Security officers demand Amazon hold their contractors accountable

 

Last week dozens of security officers, union janitors and supporters paid a visit to Amazon headquarters in Seattle demanding the tech giant hold the companies they contract with accountable.

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Like the outsourced janitorial service, the security work at Amazon is contracted out. Which means the 800 non-union security officers guarding the tech giant’s headquarters are directly employed by a company called Security Industry Specialists (SIS).

SIS has come under fire for its treatment of workers–including a 2015 federal investigation where SIS settled allegations that it interfered with officers’ rights to form a union at Amazon HQ and settled charges with the city of Seattle over complaints of violating the city’s sick time law at the tech campus.

In addition, SIS officers say they have not seen a pay raise in more than four years and face substandard working conditions including favoritism, and most recently, unfair treatment around race and religious practices.

The officers explained that while Amazon employs many immigrants, not all are treated equally. Many point out that the immigrants who are tech workers at Amazon are treated with dignity and respect—while the immigrants who are contracted service workers are left struggling with the basics.

Officers and supporters have reached out to SIS and Amazon to address these concerns–through office visits, emails and a petition calling for wage increases and a fair process to unionize signed by over 300 guards.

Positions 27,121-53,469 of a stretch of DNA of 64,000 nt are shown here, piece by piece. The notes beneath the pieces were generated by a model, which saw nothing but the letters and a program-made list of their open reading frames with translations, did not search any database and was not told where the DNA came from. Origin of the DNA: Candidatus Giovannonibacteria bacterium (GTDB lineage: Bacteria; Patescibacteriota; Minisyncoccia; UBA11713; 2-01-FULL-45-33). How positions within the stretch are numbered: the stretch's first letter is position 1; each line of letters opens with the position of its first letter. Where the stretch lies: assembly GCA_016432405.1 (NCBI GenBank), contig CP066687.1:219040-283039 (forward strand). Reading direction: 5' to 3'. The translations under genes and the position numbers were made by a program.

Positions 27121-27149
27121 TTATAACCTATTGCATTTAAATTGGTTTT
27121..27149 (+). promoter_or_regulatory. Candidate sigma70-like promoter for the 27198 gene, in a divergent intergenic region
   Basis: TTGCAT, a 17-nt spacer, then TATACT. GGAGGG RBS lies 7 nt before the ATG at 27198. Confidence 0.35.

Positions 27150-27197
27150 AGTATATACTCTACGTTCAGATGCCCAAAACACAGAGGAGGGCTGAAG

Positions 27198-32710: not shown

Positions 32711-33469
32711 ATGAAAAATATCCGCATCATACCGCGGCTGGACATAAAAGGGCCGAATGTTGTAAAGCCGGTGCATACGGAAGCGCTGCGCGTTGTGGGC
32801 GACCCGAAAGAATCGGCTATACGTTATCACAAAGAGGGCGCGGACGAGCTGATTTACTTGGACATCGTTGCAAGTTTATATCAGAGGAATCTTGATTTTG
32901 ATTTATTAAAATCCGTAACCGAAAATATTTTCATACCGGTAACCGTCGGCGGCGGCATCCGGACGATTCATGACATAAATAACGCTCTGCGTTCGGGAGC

Most recently the group visited the office of Amazon Vice President of Global Real Estate and Facilities, John Schoettler, where they waited more than an hour. No one from Amazon addressed the group but managers for Security Industry Specialists (SIS) paid a visit and said they were there to represent the Amazon VP.

“We told them we have approached SIS countless times. And they never address our concerns. We are running out of options. So now we want to speak to Amazon management directly. We want justice,” said Essag Hassan, SIS Officer.

Nearing 5pm the receptionist explained that VP Schottler, and all of his representatives, were gone for the day and unable to speak to the group.

“Obviously Amazon is not interested in hearing from the workers who keep their facilities safe and secure, so we will leave and we will come back larger and louder,” said former SIS officer Ismahan Ismail.

One of the supporters, a union janitor who cleans Amazon headquarters said, “I work at Amazon and I’m union. Amazon contracts with these janitorial and security companies. They have the power to step in and resolve these issues. And they should,” Jesus Garcia, a union cleaner employed by ABM.

“The only way to have a voice loud enough to be heard by a company like Amazon is to have a union. And that’s what this is all about,” said Lovy Mnisi, an SIS officer.

Next up, SIS officers are preparing for a Good Jobs for Amazon Service Workers rally to be held at 2pm on March 31st.

 

 

 

 

 

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